AUSTRALIAN BIBLICAL REVIEW
BOOK REVIEW Published in Volume 53, 2005
DONALD P. SENIOR and DANIEL J. HARRINGTON, 1 Peter, Jude and 2 Peter. Sacra Pagina. (Collegeville, MN: Liturgical Press, 2003). Pp. xv+315. $US39.95.
In the first half of the commentary, Donald P. Senior treats 1 Peter as a circular letter and a literary unity, as do most recent commentators. Authorship is attributed not to Peter or a “Petrine group” but to an individual anonymous writer in Rome in the last quarter of the first century CE. Many of the addressees were “fairly new converts” (p. 8). The designations “sojourners” or “aliens,” “strangers” and “diaspora” are all used metaphorically, although on a horizontal plane (social relations) not in a vertical dimension (earthly versus heavenly). The geographical terms of 1:1 refer to Roman provinces, even though Bithynia and Pontus had formed a single province since 63 BCE. Senior does not mention that, at the proposed time of composition, Cappadocia and Galatia were also combined (and had been since 72 CE). And he does not comment on textual variants in the list of places. The sequence of place-names reflects a circular route for the bearer of the letter. “Through Silvanus” (5:12) indicates the bearing, not the writing, of the letter, even if the letter is pseudonymous.
Senior’s view of the literary structure of the letter becomes evident not from the outline of paragraphs (p. 11, repeating the table of contents), but from scattered comments in the “Interpretation” sections: address (1:–2), thanksgiving (blessing) (1:–12), exhortation (1:1–2:10; 2:1–4:11, including household codes at 2:1–3:7), conclusion (4:1–5:14, including final greetings at 5:1–14). Correspondences of form, content and theology with Pauline writings are “best explained by contact with more general Christian tradition that itself may have been influenced by Paul’s letters” (pp. 1–13). However, Senior’s own extensive references give the impression that 1 Peter is indeed a deutero-Pauline letter. The commentator tends to gloss over the letter-writer’s attitude to slaves and women by presenting them as “a paradigm for the entire community” (p. 84; cf. 77, 87).
In the second half of the commentary, Daniel J. Harrington (also the Series editor) accepts the usual view that Jude is a major source for 2 Peter. Both writings are pseudepigraphical and come from the late first to early second century CE. They both confront internal issues. Jude, treated first, is a letter with features of a Jewish sermon and of a Greek or Latin speech. After the opening salutation (–2) and statement of purpose (–4), the writer uses examples (–13) and prophecies from Jewish tradition (1–19) to counteract the “intruders.” They seem to be radical Paulinists, who emphasise present salvation, see Christ as the end of the law, and understand themselves as truly spiritual and not subject to judgment. Such intruders probably “flourished in Asia Minor or Syria”; and the writing was composed “perhaps in the Holy Land” (p. 183).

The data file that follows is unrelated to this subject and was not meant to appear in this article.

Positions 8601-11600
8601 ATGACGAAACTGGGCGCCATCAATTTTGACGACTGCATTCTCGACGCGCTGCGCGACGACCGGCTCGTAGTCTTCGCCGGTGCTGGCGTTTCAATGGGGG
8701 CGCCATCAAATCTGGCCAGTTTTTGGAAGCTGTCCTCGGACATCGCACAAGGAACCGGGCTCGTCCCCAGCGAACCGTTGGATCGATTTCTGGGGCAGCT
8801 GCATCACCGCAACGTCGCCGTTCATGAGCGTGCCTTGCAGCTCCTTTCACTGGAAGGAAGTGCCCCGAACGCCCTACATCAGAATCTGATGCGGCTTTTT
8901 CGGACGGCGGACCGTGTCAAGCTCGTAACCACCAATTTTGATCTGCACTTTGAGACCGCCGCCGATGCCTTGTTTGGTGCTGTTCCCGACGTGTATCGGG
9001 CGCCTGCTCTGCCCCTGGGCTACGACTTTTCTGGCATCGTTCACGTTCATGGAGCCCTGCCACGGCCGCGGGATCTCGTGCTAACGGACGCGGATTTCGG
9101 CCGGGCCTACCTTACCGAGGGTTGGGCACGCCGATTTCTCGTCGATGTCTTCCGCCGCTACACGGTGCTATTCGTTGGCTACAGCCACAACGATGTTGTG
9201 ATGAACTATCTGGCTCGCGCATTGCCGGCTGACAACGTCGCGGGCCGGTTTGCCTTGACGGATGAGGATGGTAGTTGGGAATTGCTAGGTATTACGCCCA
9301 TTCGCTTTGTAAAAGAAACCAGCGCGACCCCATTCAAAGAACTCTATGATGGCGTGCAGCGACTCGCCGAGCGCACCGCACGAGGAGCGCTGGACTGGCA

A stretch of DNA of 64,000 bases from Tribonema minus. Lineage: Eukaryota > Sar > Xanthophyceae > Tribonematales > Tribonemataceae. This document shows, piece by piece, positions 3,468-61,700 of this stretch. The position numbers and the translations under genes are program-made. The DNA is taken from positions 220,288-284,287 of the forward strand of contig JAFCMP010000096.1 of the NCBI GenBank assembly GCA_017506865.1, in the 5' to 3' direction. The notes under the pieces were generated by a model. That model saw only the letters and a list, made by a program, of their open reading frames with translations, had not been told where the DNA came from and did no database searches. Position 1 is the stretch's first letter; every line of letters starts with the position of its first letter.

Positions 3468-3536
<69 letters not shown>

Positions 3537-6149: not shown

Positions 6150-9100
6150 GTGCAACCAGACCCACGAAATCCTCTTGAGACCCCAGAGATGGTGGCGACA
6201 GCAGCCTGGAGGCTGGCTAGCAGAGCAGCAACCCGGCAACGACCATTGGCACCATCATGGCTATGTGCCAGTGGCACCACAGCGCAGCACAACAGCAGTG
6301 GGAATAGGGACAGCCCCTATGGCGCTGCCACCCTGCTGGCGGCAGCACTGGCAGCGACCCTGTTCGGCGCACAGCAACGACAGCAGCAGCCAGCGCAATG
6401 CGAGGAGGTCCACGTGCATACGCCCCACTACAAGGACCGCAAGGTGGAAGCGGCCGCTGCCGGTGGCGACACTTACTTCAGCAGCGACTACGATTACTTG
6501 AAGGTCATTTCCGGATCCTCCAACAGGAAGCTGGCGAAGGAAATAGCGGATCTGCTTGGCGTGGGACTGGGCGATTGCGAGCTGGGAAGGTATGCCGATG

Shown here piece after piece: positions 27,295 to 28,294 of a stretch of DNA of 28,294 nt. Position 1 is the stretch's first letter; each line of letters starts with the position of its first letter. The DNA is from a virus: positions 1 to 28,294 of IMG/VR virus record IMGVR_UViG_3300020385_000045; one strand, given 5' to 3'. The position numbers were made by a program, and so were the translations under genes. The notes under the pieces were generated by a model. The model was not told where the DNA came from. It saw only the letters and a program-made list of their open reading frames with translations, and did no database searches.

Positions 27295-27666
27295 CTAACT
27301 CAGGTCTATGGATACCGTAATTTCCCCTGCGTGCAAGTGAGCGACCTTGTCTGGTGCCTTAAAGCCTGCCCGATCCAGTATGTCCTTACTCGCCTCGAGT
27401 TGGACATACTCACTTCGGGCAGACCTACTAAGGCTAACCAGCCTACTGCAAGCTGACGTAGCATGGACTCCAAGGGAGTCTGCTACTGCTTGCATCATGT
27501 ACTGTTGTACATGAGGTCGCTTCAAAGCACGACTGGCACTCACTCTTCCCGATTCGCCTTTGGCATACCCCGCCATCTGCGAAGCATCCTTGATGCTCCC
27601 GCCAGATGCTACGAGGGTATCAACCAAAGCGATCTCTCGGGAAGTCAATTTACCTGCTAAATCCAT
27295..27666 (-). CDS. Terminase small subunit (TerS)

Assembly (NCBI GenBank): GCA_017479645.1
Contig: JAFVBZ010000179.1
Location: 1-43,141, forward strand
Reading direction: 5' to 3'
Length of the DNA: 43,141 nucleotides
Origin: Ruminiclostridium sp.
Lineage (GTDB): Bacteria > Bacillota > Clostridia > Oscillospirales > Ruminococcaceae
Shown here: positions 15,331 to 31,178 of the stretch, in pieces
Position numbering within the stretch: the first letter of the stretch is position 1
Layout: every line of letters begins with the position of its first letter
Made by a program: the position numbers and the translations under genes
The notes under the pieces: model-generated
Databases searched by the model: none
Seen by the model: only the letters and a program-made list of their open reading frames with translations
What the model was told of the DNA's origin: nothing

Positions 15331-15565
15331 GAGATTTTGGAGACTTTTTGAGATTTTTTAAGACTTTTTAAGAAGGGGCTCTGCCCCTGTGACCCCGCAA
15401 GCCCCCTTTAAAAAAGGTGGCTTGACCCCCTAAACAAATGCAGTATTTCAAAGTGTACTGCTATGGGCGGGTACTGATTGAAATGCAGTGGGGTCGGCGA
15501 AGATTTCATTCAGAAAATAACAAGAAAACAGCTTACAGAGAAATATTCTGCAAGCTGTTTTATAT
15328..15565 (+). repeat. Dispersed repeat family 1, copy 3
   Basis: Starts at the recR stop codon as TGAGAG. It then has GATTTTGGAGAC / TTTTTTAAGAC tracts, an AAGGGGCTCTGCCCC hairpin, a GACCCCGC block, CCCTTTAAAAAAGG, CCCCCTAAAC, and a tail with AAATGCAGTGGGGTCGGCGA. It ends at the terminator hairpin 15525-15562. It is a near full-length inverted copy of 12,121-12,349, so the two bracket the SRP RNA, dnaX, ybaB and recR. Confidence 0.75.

2 Peter is a testament in the form of a letter although, like Jude, it lacks concluding epistolary features. In 2:–18 and 3:–3, material is borrowed from Jude –18. The writer’s main aim is to oppose false teachers, apparently Gentile Christians appealing to other Gentile Christians especially recent converts. Only at 3:4 does it become clear that the opponents “cast doubt upon the parousia of Jesus” (p. 284). The writer had already attacked the false teachers for their destructive heresies, immorality, and financial exploitation (pp. 23–34). Harrington hesitantly accepts the majority view that “1 Peter or something like it” is the first letter implied by 2 Pet 3:1 (p. 284). However, he acknowledges that the style and content of the two letters are “very different” and that “it is hard to find any direct influence” (p. 281). It is “plausible” that 2 Peter derives “from a Petrine ‘circle’ in Rome” (pp. 161, 236).
This is a cautiously moderate commentary treating the biblical texts paragraph by paragraph. It does not vie with the massive recent commentaries of P. J. Achtemeier and J. H. Elliott on 1 Peter (alone). Text-critical comment is kept to a minimum. Misprints occur mainly in transliterated Greek. Some grammatical comments could have been better expressed, especially those concerning imperatival participles. The commentary seems to be aimed more at “clergy, and religious educators” than at “biblical professionals, graduate students, theologians,” and indeed to be “shaped by the context of the Catholic tradition” (p. ix).
Darryl W. Palmer
The University of Melbourne VIC 3010, Australia